We believe that we have established the minimum amount of requirements necessary to accomplish our policy goals and that no appropriate regulatory alternatives could be developed to lessen the compliance burden for applicants for ONC-ATCB status as well as ONC-ATCBs once they have been granted such status by the National Coordinator. Moreover, we believe that this final rule will create direct positive effects for entities because their attainment of ONC-ATCB status will permit them to test and certify Complete EHRs and/or EHR Modules. Thus, we expect that their annual receipts will increase as a result of becoming an ONC-ATCB.

We did not receive any comments related to our RFA analysis during the comment period available for the temporary certification program. As a result, we examined the economic implications of this final rule and have concluded that it will not have a significant impact on a substantial number of small entities. The Secretary certifies that this final rule will not have a significant impact on a substantial number of small entities.

E. Executive Order 13132—Federalism

Executive Order 13132 establishes certain requirements that an agency must meet when it promulgates a rule that imposes substantial direct requirement costs on State and local governments, preempts State law, or otherwise has federalism implications.

Nothing in this final rule imposes substantial direct requirement costs on State and local governments, preempts State law or otherwise has federalism implications. We are not aware of any State laws or regulations that conflict with or are impeded by our temporary certification program, and we did not receive any comments to the contrary in response to the Proposed Rule.

F. Unfunded Mandates Reform Act of 1995

Title II of the Unfunded Mandates Reform Act of 1995 (Pub. L. 104-4) requires cost-benefit and other analyses before any rulemaking if the rule includes a “Federal mandate that may result in the expenditure by State, local, and tribal governments, in the aggregate, or by the private sector, of $100,000,000 or more (adjusted annually for inflation) in any 1 year.” The current inflation-adjusted statutory threshold is approximately $133 million. We did not receive any comments related to the temporary certification program on our analysis presented in the Proposed Rule. Therefore, we have determined that this final rule will not constitute a significant rule under the Unfunded Mandates Reform Act, because it imposes no mandates.

OMB reviewed this final rule.

List of subjects in 45 cfr part 170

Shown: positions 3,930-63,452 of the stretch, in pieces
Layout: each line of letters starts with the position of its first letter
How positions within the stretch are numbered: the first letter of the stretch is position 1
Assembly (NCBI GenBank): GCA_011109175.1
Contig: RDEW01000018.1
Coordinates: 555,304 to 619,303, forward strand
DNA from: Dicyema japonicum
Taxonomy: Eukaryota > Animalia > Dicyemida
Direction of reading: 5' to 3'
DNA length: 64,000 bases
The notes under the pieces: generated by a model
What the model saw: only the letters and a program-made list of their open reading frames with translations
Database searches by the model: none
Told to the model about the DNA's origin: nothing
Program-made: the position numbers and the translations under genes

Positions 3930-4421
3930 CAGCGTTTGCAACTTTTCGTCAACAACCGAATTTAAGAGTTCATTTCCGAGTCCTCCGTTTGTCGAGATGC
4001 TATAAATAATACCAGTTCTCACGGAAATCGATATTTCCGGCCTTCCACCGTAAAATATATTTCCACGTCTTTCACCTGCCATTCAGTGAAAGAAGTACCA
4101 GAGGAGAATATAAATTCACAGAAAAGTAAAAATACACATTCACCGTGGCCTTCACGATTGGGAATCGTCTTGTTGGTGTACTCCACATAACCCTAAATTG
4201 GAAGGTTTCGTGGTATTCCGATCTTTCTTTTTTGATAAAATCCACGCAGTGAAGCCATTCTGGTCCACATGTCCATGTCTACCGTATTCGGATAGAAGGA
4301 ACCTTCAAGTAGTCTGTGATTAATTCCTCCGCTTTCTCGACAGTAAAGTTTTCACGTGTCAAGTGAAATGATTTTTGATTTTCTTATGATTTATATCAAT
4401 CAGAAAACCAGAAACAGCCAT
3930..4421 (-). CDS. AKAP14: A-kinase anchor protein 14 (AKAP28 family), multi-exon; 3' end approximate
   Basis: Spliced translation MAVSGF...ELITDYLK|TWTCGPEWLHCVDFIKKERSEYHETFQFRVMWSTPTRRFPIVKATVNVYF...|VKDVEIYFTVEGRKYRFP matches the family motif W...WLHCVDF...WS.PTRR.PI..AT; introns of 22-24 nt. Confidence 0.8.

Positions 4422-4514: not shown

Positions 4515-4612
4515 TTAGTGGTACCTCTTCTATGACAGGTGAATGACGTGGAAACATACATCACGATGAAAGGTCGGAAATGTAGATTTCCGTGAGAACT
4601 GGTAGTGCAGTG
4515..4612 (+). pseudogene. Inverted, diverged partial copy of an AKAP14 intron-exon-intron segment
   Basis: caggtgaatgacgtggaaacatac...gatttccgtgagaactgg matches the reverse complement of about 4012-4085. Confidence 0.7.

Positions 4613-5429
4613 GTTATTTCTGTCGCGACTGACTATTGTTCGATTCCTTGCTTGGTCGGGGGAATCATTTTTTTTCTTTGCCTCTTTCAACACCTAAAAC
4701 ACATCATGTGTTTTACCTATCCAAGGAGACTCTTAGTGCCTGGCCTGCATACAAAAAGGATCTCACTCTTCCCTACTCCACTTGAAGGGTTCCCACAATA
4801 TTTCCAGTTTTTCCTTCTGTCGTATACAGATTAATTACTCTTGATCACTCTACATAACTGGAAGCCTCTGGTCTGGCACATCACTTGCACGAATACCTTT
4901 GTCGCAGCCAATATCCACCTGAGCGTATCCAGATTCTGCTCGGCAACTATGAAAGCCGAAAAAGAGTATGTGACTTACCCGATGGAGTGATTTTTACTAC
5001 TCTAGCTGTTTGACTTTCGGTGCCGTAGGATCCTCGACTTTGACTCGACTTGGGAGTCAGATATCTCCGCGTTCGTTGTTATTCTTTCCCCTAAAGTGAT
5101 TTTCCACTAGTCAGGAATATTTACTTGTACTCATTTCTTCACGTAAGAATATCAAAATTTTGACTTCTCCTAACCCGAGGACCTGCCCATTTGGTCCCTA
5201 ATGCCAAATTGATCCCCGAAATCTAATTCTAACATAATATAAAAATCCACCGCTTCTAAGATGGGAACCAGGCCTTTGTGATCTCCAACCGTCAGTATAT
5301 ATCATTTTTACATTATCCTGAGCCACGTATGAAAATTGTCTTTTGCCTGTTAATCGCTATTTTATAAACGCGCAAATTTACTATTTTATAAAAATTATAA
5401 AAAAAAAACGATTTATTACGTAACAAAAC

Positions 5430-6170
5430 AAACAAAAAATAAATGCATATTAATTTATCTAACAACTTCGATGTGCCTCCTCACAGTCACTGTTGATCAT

Computer technology, Electronic health record, Electronic information system, Electronic transactions, Health, Health care, Health information technology, Health insurance, Health records, Hospitals, Incorporation by reference, Laboratories, Medicaid, Medicare, Privacy, Reporting and recordkeeping requirements, Public health, Security.

For the reasons set forth in the preamble, 45 CFR subtitle A, subchapter D, part 170, is amended as follows:

Part 170—health information technology standards, implementation specifications, and certification criteria and certification programs for health information technology

1. The authority citation for part 170 is revised to read as follows:

Authority:

42 U.S.C. 300jj-11; 42 U.S.C 300jj-14; 5 U.S.C. 552.

2. Revise § 170.100 to read as follows: § 170.100

The provisions of this subchapter implement sections 3001(c)(5) and 3004 of the Public Health Service Act.

3. In § 170.102, add in alphabetical order the definition of “Day or Day(s)” to read as follows: § 170.102 * * * * *

Day or Days means a calendar day or calendar days.

* * * * *
4. Add a new subpart D to part 170 to read as follows:

Subpart d—temporary certification program for hit

Sec. 170.400 170.401 170.402 170.405 170.410 170.415 170.420 170.423 170.425 170.430 170.435 170.440 170.445 170.450 170.455 170.457 170.460 170.465 170.470 170.490 170.499

Subpart d—temporary certification program for hit

§ 170.400

This subpart implements section 3001(c)(5) of the Public Health Service Act, and sets forth the rules and procedures related to the temporary certification program for health information technology administered by the National Coordinator for Health Information Technology.

§ 170.401

This subpart establishes the processes that applicants for ONC-ATCB status must follow to be granted ONC-ATCB status by the National Coordinator, the processes the National Coordinator will follow when assessing applicants and granting ONC-ATCB status, the requirements that ONC-ATCBs must follow to remain in good standing, and the requirements of ONC-ATCBs for testing and certifying Complete EHRs and/or EHR Modules in accordance with the applicable certification criteria adopted by the Secretary in subpart C of this part.

§ 170.402

For the purposes of this subpart: